Pass thru approach – The pass through approach is often used to integrate other software to R. In this approach the other software package collects the data and then passes the data off to R for analytics processing. This effectively moves the data to the analytics. As an example, SAS has taken this approach with SAS/IML Studio integration with R. Data movement or I/O becomes the bottleneck as the data scales up to larger data sets in this approach

Two-tier architecture - This is a client server configuration. The client is primarily used to run the R GUI front-end tool or a web service for the R front-end visualization tool. The server runs the R language and executes the analytics which have been pushed down from the client. By moving the analytics processing closer to the data this approach reduces the I/O impact of data movement and lets the analytic benefit from the compute power of a large server. As applications scale to big data, the parallel compute environments, such as a massively parallel processing (MPP) architecture or a distributed compute environment (grid) running Hadoop, become the prevalent server technologies. With both MPP and Hadoop, the R language is running on each of the nodes in the parallel environment and takes advantage of the parallel data distribution that is provided by each.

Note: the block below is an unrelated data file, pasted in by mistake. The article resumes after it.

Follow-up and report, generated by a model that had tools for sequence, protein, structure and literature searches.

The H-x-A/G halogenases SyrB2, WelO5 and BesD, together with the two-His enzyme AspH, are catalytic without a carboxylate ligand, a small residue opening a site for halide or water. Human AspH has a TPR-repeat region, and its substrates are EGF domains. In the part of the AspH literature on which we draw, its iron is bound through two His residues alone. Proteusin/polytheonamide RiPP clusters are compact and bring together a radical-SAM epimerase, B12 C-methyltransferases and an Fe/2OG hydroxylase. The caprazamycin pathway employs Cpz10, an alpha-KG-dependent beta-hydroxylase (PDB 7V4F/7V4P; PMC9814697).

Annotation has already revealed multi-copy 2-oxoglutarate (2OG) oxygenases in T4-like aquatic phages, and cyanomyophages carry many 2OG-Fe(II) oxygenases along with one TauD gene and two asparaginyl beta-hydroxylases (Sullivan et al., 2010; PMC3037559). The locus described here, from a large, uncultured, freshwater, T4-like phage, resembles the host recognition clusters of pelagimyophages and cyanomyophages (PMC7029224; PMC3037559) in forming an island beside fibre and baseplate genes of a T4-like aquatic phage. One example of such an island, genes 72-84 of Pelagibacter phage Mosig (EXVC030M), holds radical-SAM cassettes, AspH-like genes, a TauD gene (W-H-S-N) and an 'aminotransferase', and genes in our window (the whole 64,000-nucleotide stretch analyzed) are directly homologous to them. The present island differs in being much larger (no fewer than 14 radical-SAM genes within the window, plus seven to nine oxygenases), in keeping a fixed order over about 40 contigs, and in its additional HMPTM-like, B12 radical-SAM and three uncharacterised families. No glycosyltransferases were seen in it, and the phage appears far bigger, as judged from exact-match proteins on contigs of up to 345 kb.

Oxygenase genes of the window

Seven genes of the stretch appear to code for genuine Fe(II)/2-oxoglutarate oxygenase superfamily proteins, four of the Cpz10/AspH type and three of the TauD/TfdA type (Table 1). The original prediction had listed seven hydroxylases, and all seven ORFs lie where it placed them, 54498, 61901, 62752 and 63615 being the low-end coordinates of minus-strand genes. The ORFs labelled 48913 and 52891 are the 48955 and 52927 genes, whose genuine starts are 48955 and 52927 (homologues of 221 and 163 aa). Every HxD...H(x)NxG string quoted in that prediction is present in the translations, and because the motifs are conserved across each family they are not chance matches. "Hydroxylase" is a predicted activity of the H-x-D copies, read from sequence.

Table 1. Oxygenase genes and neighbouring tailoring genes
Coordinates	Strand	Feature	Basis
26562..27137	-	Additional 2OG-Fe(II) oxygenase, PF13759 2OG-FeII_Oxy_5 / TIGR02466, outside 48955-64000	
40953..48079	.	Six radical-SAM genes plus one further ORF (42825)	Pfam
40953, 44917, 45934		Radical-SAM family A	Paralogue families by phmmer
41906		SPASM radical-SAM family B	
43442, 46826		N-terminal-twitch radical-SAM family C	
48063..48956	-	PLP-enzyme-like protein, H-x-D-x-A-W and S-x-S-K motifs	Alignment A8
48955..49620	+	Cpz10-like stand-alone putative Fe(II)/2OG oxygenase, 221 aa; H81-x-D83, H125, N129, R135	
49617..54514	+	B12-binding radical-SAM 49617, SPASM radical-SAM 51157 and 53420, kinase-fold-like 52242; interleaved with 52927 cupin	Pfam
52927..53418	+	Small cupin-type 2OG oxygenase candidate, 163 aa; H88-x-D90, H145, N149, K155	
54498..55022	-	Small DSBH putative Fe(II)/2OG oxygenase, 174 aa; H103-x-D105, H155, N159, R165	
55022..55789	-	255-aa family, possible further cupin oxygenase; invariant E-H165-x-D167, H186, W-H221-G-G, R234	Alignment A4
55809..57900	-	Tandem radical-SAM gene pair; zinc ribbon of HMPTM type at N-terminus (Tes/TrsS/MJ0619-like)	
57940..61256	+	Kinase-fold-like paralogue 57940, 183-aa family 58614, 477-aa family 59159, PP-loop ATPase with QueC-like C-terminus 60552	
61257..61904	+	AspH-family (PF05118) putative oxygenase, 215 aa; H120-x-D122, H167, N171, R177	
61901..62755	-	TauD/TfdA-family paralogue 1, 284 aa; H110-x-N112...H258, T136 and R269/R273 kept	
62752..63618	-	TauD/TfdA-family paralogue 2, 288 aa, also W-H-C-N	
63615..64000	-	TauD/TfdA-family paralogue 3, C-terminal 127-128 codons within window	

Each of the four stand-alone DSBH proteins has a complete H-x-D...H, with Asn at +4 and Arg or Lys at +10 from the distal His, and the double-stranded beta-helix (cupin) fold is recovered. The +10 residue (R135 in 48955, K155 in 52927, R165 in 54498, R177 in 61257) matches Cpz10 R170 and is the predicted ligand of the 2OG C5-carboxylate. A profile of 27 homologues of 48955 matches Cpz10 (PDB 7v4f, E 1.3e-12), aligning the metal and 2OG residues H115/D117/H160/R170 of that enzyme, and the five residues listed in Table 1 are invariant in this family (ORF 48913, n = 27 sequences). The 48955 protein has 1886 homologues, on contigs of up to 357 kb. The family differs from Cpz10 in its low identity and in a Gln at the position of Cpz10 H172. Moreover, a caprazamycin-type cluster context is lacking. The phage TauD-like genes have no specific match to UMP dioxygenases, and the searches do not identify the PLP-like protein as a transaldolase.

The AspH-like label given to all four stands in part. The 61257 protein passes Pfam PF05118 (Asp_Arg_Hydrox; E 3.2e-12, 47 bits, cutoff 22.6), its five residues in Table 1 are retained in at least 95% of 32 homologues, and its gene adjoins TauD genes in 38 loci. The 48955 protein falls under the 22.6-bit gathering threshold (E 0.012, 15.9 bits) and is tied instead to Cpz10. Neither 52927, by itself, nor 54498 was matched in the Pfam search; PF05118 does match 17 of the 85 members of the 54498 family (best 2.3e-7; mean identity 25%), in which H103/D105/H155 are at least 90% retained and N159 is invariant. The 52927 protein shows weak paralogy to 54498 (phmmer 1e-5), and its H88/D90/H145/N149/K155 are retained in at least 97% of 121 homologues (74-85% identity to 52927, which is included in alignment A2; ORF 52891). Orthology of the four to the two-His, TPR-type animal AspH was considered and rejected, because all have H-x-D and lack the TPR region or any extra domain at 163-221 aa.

The analytics in the CRAN repository (which are not “automatically” converted to parallelized analytics) still place the data into memory for the analytics processing. But now each node is working simultaneously on a smaller data set and is brought together after each worker node has completed its task. This helps to minimize the memory choke point and takes advantage of parallel computational processing. So, R running on an MPP or Hadoop environment can have significant scale and performance benefits.